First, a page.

Throughout 2014 en Choir members w ill focus on selected elements of vocal technique during our warm-up sessions. As we are currently focusing on breathing and breath control I would like to share with you my top tips.
The first step in developing vocal technique is to establish good posture for singing. Your body is your instrument and poor alignment or unnecessary tension can effect how well you sing. Good posture enables good breathing. Think of your body as the engine that drives your voice and your breath as the fuel that drives the engine.
Stand with your feet hip width apart. Your weight should be evenly distributed. A good exercise is to transfer your weight from right to left foot, forward and backwards and round in a circle and to then move to a centered place. Your knees should be relaxed and your arms should rest by your side. Be wary of your chin and neck: singers often raise their chin in the belief that they are helping the sound come out when really, this places unnecessary strain and tension on the voice.
Once we have established good posture we move to the second step in developing vocal technique: learning to breathe well during singing. Having control over your breathing will not only help to support your voice but will enable healthy singing to take place.
There are three key breathing skills singers need to learn:
- The ability to inhale large quantities of air
- The ability to snatch a good breath quickly
- The ability to control the escape of breath
Breathing well for singing
Most people find that when they breathe in their chest rises: this is, after all, what comes naturally. But through developing your posture, practising breathing exercises and singing regularly you will start to master deeper diaphragmatic breathing. Have you ever heard someone say: “sing from the diaphragm!” or “use your diaphragm”? Did you understand what they meant?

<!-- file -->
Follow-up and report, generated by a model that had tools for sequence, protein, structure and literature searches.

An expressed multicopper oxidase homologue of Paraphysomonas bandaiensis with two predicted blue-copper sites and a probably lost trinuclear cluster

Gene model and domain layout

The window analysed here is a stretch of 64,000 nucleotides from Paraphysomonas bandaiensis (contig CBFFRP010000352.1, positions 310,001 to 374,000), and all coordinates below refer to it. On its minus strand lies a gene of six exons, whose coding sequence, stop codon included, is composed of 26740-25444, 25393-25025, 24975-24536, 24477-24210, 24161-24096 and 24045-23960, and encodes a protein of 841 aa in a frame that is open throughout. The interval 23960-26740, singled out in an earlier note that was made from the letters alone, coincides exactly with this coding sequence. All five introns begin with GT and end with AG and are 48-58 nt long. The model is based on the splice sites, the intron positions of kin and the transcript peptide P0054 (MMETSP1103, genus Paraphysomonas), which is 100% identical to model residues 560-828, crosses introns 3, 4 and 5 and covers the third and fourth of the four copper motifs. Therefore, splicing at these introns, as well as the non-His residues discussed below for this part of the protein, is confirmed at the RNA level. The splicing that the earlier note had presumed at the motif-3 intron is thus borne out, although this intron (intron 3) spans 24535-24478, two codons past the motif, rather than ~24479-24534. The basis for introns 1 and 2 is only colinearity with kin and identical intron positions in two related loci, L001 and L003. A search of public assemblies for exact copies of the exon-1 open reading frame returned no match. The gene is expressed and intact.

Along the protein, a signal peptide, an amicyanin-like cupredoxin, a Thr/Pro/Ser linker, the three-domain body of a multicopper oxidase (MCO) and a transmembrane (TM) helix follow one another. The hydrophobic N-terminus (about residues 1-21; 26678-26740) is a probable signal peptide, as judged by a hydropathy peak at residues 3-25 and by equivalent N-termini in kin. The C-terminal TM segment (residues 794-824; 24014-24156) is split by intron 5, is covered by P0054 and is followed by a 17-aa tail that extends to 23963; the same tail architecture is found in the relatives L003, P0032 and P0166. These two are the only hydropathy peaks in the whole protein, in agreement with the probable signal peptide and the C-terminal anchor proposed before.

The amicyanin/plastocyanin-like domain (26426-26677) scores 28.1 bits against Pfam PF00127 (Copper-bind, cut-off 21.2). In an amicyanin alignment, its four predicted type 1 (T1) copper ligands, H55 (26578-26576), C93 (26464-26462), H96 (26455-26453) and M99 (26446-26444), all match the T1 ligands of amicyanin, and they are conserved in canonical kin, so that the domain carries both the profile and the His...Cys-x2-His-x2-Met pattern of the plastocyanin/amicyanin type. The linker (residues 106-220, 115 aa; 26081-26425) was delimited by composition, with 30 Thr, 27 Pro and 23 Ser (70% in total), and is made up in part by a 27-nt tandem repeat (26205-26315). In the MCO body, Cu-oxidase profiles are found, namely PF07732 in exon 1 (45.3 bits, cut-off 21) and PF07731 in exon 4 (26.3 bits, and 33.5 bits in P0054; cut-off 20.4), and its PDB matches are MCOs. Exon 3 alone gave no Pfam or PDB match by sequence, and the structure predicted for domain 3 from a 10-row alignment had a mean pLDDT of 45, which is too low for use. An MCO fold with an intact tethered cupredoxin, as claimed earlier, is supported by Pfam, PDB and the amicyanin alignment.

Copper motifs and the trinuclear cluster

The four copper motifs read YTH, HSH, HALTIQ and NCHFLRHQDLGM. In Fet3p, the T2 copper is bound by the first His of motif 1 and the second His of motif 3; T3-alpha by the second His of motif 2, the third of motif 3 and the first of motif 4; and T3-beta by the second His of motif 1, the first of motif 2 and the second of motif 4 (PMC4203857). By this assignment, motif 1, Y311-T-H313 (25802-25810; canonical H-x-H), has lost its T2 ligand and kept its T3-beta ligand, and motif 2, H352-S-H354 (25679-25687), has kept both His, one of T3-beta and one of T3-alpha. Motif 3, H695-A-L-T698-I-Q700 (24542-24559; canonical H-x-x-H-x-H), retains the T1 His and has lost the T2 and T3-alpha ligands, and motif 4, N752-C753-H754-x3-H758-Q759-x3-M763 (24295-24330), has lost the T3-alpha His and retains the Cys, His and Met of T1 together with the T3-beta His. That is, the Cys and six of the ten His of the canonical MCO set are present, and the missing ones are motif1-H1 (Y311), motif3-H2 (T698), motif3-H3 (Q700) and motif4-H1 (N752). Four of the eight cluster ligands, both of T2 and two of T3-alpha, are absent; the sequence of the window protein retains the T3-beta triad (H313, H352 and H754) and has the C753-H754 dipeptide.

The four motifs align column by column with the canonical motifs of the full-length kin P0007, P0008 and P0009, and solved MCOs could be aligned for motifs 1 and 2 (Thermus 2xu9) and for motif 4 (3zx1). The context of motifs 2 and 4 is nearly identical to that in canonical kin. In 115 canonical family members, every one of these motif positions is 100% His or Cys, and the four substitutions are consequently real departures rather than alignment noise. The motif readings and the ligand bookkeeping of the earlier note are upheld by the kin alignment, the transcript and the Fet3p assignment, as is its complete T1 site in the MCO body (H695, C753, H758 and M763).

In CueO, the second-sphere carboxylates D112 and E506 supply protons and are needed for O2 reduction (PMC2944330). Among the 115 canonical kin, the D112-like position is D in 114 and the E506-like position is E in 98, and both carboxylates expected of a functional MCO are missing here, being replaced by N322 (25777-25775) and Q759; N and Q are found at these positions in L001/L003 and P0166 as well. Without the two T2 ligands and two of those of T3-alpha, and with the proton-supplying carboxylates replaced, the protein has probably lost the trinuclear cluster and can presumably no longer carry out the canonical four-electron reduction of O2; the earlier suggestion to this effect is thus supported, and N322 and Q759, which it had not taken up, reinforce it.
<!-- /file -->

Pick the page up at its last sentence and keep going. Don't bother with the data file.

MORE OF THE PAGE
Many singers haven’t a clue – I didn’t until my third year at music college – and this is why: we don’t actually sing with our diaphragm. It is a combination of abdominal muscles, intercostal muscles (the muscles connecting the ribs) and the diaphragm that constitute the breathing mechanism.
When we inhale, the diaphragm descends into the stomach area, pushing down and moving everything out of the way. The intercostal muscles of the rib cage expand sideways resulting in an expansion around the stomach, sides and back.
On exhalation our diaphragm relaxes upwards towards its original position as our lungs empty of air. This is where the abdominal muscles really kick in: they are responsible for the exhalation of breath. The diaphragm merely controls the speed we exhale our breath.
To focus on the diaphragm as the sole mechanism for breathing is actually quite beneficial as it is intricately linked with the myriad of abdominal muscles that contribute to the task. The diaphragm is also one of the largest muscles in the human body and its rise and fall – an accordian-like inhalation and exhalation pattern – provides strong visual imagery for the singer.
Let’s now look at some exercises to develop each of these three key breathing skills.
Please note: If at any point you feel light-headed take a break and come back later. These exercises need only be performed for a few minutes at a time.
- Start by performing these exercises lying down.
- As you find your feet, progress to sitting upright, or standing.
- For a challenge, perform these exercises whilst walking.
TIPS: When you inhale keep the upper body as relaxed as possible: there should be no lifting of the shoulders, clenching of the hands or jaw, or noisy gasping of breath.
Your sternum/breastbone should be strong and erect with no sagging and focus should be placed on drawing the breath low into the body. Your stomach must never be sucked in during singing!
1. The ability to inhale large quantities of air